It might be a long time before we know everything there is to know about the novel coronavirus. According to a new study published in the Journal of the American Medical Association, two-thirds of infected patients in the New York City area do not present with fever. There is also additional data showing patients have been presenting with silent hypoxia, oxygen deprivation in the body.
But the changing case definition in the United States isn’t something that should alarm South Africans, says Professor Adrian Puren of the National Institute for Communicable Diseases (NICD). “The purpose of a case definition is to, as closely as possible, identify infected persons during an outbreak and in an epidemic. It also assists in the case of an outbreak to identify the source/s of infection,” he says.
He highlights that communicated case definitions are refined as more information about a virus becomes available, in the case of a pandemic we are likely to see country-specific definitions as well. “There is evidence that the changes in definition from a more restrictive to a broader definition affected the number of cases reported in China,” he adds. China had as many as seven case definitions as the virus developed. When the virus became a global pandemic, bodies like the World Health Organization (WHO) had to communicate a common case definition for the virus.
In South Africa, according to the NICD, the symptoms of the virus have remained consistent with those seen in other countries, with more men than women having been infected and mortality mainly in older age groups (>60 years) and people with underlying co-morbidities, including diabetes and cardiac and lung diseases.
Concerns have been voiced regarding people living with HIV/Aids and TB being at a higher or lower risk. Chair of the government’s Ministerial Advisory Committee on Covid-19, Professor Salim Abdool Karim, said the country has no reference data to know if Covid-19 will adversely affect the millions of people living with HIV. “When we discussed this with our colleagues in China, they told us that in the entire population they have studied they had one patient with HIV on antiretroviral [therapy], who had an uneventful course,” he told eNCA.
Professor Karim also commented on the emerging data around the drugs being used to treat Covid-19, namely HIV drug lopinavir/ritonavir (LPV/r), which a New England Journal of Medicine study deemed not to be effective in the treatment of the virus, and chloroquine/hydroxychloroquine, which in some studies had been found to alter heart function and even cause heart attacks.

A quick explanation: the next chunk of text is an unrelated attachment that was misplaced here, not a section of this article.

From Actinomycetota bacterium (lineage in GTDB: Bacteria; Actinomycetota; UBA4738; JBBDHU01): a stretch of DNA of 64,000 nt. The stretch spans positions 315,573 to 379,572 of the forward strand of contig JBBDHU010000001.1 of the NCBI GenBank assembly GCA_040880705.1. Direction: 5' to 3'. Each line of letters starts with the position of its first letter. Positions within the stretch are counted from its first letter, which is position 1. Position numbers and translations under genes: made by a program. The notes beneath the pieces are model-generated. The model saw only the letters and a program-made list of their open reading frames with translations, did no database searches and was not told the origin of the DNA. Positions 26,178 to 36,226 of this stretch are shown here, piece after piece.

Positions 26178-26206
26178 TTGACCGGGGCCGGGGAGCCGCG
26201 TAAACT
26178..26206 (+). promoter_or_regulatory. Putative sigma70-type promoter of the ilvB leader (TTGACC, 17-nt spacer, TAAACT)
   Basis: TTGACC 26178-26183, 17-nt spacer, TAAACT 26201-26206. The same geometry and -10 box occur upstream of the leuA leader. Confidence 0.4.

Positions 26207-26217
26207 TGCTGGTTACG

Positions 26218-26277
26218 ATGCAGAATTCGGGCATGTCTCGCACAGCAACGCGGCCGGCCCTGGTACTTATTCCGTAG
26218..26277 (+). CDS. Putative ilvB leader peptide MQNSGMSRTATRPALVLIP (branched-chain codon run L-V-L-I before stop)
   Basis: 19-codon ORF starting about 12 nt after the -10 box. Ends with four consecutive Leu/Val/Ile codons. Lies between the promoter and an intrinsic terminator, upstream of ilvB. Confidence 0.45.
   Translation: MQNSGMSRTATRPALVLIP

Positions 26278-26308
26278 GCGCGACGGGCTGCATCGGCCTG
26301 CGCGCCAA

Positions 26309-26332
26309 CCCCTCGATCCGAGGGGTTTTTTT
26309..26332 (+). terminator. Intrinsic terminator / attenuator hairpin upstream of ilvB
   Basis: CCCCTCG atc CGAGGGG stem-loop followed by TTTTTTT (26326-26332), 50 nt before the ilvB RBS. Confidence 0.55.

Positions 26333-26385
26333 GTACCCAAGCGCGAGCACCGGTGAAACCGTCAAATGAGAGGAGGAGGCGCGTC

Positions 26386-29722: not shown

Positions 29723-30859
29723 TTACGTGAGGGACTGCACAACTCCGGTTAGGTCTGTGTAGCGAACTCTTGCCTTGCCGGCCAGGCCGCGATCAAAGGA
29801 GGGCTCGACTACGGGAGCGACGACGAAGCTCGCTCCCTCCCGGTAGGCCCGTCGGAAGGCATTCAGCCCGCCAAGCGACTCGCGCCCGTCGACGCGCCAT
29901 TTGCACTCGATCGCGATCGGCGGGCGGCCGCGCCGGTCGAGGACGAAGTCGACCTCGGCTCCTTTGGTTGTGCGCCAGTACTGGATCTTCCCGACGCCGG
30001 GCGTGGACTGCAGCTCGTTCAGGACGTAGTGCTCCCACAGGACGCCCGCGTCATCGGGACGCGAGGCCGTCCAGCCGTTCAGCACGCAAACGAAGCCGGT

Both these drugs form part of the WHO global clinical trial, Solidarity, which includes 122 countries. Dr Jeremy Nel, who pioneers the clinical trial in SA along with Professor Helen Rees, says the drugs will still be offered in the clinical trial. “The evidence for either one of these still isn’t definitive as to any benefits and risks,” he says.
He highlights that the chloroquine studies are of low quality while some have shown benefits and others haven’t. “The potential heart issues with chloroquine have been well-known to doctors for many years, but the negative effects seen in some of the Covid-19 literature to date has mostly been with higher doses than Solidarity is using, and also when the drug was combined with another drug called azithromycin, which also causes the same heart effects,” he says, noting that risks will be much lower with Solidarity.
“Regarding lopinavir/ritonavir,” Dr Nel says, “the New England Journal of Medicine study didn’t show a clear benefit in terms of the time it took to get better, but again the results weren’t clear cut. The group that received LPV/r had fewer deaths, but the numbers were too small to be sure of. Also the patients got LPV/r late in their disease course, and it’s not clear whether giving them the drug earlier would maybe have helped them. Solidarity will hopefully help answer both these questions.”